Extra cellular matrix micro-environment control is a key issue to regenerative medicine and RGTA based matrix therapy a solution

Journal of Tissue Science and Engineering

ISSN: 2157-7552

Open Access

Extra cellular matrix micro-environment control is a key issue to regenerative medicine and RGTA based matrix therapy a solution

5th International Conference on Tissue Engineering & Regenerative Medicine

September 12-14, 2016 Berlin, Germany

Barritault Denis

OTR3, France

Keynote: J Tissue Sci Eng

Abstract :

Extra Cellular Matrix (ECM) microenvironment regulates locally our continuous ability to replace dead cells by new cells. This central law of all living is known as tissue homeostasis. Heparan sulfates (HS) are key elements of the ECM scaffold that store, protect and position the various Cell Communication Peptides (CCP) in the cellular microenvironment. HS play a pivotal role in the regulation of the bioavailability of CCP, cell proliferation, migration and differentiation required for tissue regeneration. Tissue injury will lead to destruction of cells and surrounding ECM. CCP released by inflammatory and circulating cells can then promote tissue repair, but with a loss of tissue quality, leaving scars or fibrosis. We have engineered biodegradable nano-polysaccharide mimicking HS, named RGTA for ReGeneraTing Agent. Introduced at the site of injury, RGTA will bind to the matrix proteins of the damaged ECM, and to the CCP produced by healthy neighboring cells, thereby restoring the ECM microenvironment and conditions for tissue homeostasis. This matrix therapy approach has considerably improved the quality of healing in various animal models with reduction or absence of fibrosis resulting in a real regeneration process. The RGTA technology has been validated in clinics and over hundred thousand of patients treated both for corneal and skin ulcers with no adverse effect. Adapted RGTA are in development for more tissue injuries extending RGTA as a new therapeutic class in the field of regenerative medicine exploiting our natural potential without need for exogenous cells. RGTA can combine with cell therapy by constructing a niche to favor homing. The future of regenerative medicine lays in a proper adjustment of the microenvironment to optimize cell colonization, expansion, replacement and recovery of their functions.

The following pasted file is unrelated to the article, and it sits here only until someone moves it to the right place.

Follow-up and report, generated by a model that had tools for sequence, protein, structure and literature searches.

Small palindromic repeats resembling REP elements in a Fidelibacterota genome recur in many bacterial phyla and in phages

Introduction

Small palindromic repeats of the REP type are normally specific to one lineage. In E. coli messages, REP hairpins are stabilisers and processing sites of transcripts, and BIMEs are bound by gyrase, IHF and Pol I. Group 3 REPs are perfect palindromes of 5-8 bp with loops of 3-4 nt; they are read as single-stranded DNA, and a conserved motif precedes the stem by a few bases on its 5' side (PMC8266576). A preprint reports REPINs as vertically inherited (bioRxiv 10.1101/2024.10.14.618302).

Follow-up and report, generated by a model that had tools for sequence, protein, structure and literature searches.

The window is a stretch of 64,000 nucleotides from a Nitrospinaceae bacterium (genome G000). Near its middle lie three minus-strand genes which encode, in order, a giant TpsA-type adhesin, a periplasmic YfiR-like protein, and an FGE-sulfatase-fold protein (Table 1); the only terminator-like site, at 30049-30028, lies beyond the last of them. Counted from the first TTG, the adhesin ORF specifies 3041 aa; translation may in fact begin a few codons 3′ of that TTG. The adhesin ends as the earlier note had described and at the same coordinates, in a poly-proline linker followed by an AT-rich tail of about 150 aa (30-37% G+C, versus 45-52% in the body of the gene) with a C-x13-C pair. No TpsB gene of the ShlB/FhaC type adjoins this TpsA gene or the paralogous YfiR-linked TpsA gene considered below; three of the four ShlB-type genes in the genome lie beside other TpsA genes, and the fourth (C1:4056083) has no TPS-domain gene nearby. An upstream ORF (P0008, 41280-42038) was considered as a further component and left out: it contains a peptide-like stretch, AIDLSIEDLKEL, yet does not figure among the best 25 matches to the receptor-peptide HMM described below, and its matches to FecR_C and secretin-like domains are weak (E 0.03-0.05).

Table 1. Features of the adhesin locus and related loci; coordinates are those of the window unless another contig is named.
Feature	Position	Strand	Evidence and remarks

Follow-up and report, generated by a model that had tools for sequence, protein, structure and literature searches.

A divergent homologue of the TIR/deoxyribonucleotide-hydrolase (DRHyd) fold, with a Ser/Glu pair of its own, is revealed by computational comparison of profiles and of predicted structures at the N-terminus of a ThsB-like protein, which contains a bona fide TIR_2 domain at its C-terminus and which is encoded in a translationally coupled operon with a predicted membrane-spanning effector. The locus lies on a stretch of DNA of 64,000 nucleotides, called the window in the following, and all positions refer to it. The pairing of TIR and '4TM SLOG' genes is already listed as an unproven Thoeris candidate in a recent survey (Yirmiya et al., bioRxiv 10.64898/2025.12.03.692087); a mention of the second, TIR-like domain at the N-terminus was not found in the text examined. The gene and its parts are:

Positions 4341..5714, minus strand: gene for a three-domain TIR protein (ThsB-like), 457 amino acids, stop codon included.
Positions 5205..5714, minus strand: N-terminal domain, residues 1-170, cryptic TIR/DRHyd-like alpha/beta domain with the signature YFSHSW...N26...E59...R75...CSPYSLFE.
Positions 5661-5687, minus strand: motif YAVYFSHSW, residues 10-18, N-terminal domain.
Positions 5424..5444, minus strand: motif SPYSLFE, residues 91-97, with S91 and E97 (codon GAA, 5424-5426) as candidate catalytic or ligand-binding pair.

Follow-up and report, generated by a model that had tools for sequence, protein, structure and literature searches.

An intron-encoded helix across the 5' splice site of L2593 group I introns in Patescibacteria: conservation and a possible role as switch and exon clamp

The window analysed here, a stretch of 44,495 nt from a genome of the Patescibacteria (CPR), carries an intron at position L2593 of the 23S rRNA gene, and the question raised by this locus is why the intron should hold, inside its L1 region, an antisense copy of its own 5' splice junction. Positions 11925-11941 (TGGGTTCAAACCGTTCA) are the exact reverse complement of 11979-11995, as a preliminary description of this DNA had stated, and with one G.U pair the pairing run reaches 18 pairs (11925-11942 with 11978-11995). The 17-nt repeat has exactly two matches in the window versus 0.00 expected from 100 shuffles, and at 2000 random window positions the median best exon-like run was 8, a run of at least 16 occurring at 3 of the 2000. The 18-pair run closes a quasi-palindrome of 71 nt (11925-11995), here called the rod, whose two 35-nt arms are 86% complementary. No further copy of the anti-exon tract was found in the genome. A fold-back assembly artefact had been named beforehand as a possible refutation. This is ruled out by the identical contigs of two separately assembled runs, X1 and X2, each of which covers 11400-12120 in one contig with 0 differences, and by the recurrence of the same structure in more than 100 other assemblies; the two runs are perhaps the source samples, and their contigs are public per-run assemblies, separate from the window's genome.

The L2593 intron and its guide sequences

Biography :

Denis Barritault graduated in Physics, completed his PhD in biochemistry in Paris University. Post-doctoral in molecular immunology at Pasteur Institute and NYU as NIH Fogarty Fellow he joined INSERM unit in Paris as developmental biologist. He made the first description and patents of FGF extracted from retina in 1979 and 82 as skin and cornea healing agent, became full professor at Paris-Est University in 1985, founded and directed a CNRS Laboratory on cell and tissue regeneration until 2003. He is now President of OTR3, Emeritus professor, honorary director CRRET CNRS unit and author in over 200 publications and 30 patents.


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